CHDS faculty Thomas Gaziano, in collaboration with Harvard Chan researchers and colleagues in South Africa, received additional funding to continue and expand work in the HAALSA (Health and Aging in Africa: Longitudinal Studies in South Africa ) program. Plans for the next 5-year phase of HAALSA include administering the 4th and 5th surveys of a cohort of older adults in rural South Africa, and the launch of a nationally representative survey across South Africa.
Since 2013, HAALSA has been examining the demographic and epidemiologic transitions taking place among older South Africans in the context of increased life expectancy due to the successful scale up of antiretroviral therapy (ART) for HIV, among other factors. At the same time, South Africa is experiencing unprecedented levels of chronic and non-communicable diseases among its aging population, such as cardiovascular and metabolic diseases and dementia. By harmonizing specific data about the aging experience in South Africa with data from other global studies of aging in India, China, Brazil, the United Kingdon, and Europe, the HAALSA study provides an opportunity to compare the biological, social, and economic determinants of chronic diseases and their effects on functional and health outcomes on a global scale.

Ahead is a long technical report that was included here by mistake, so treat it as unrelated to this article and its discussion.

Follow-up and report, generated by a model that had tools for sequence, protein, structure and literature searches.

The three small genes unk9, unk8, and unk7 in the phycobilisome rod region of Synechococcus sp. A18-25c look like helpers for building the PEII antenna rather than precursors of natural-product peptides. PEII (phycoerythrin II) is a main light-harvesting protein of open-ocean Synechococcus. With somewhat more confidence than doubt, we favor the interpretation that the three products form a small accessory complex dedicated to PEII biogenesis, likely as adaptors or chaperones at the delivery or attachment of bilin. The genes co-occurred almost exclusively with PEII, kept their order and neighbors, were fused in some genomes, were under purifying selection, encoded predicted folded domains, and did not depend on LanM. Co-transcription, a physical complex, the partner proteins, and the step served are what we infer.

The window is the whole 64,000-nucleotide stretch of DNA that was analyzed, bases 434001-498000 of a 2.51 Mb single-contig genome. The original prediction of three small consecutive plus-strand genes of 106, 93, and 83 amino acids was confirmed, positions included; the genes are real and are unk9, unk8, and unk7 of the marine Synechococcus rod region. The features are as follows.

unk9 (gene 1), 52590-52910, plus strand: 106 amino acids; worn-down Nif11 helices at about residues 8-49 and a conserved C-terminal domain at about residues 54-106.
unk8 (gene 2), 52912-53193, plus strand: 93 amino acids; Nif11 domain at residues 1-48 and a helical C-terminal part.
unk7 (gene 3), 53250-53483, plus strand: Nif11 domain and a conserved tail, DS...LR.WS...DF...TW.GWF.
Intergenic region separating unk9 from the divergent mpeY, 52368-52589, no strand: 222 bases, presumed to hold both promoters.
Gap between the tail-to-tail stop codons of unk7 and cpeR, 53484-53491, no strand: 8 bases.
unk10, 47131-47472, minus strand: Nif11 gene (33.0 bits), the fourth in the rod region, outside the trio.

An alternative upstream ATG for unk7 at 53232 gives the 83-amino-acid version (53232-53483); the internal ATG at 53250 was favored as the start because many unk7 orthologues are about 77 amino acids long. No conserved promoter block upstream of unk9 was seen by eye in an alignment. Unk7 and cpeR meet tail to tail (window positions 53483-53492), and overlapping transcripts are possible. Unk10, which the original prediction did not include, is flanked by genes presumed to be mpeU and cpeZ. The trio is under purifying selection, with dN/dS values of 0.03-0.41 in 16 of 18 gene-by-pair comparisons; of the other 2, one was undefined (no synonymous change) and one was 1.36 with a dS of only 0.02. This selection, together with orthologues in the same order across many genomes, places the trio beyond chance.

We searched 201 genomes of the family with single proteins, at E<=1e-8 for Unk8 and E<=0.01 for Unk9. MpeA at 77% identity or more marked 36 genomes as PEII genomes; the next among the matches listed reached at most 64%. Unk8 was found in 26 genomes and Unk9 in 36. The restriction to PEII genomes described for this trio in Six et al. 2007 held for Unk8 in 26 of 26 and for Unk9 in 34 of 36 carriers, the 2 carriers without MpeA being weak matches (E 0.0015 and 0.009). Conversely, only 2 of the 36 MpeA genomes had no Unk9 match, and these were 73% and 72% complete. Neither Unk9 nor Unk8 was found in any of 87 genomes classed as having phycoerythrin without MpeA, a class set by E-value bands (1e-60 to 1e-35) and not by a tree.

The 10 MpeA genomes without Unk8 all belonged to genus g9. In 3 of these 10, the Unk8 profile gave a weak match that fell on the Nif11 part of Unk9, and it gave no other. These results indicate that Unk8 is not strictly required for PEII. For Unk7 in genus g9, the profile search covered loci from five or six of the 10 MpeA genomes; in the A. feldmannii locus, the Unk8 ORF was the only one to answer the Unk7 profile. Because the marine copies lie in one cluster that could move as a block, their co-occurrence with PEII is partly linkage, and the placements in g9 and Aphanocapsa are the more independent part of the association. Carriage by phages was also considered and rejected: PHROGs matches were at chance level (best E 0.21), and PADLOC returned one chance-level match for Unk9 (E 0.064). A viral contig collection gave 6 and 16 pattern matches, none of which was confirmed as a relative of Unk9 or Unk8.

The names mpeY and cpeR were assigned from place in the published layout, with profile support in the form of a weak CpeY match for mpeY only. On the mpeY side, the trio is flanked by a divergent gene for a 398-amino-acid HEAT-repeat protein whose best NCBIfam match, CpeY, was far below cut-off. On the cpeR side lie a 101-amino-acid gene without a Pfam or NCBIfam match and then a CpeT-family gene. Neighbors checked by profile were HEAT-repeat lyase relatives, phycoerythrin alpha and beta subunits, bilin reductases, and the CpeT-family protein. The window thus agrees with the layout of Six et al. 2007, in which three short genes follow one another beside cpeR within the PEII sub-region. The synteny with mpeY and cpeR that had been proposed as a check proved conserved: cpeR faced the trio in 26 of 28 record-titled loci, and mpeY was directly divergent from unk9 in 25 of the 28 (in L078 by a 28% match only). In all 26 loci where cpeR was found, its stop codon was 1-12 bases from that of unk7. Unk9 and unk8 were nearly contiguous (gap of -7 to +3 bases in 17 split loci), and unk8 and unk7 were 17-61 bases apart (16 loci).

Gaziano is the co-Primary Investigator of the overall HAALSA program, a member of the core leadership and administration of HAALSA at Harvard Chan, co-PI of the Cardio-metabolic project, and core faculty on the Biomarker project.
“This significant grant unites experts from multiple disciplines, institutions, and countries, and allows us to look deeply into the changing patterns of healthy aging in Africa. It gives us the opportunity to explore the interactions between lived experience in harsh conditions, endemic HIV/AIDS, social policy, and chronic conditions of aging, especially dementia and cardiometabolic conditions,” states Gaziano.
Note: HAALSA was formerly known as HAALSI; the name change is not reflected on their website yet.
Learn more: Read about HAALSA (Health and Aging in Africa: Longitudinal Studies in South Africa )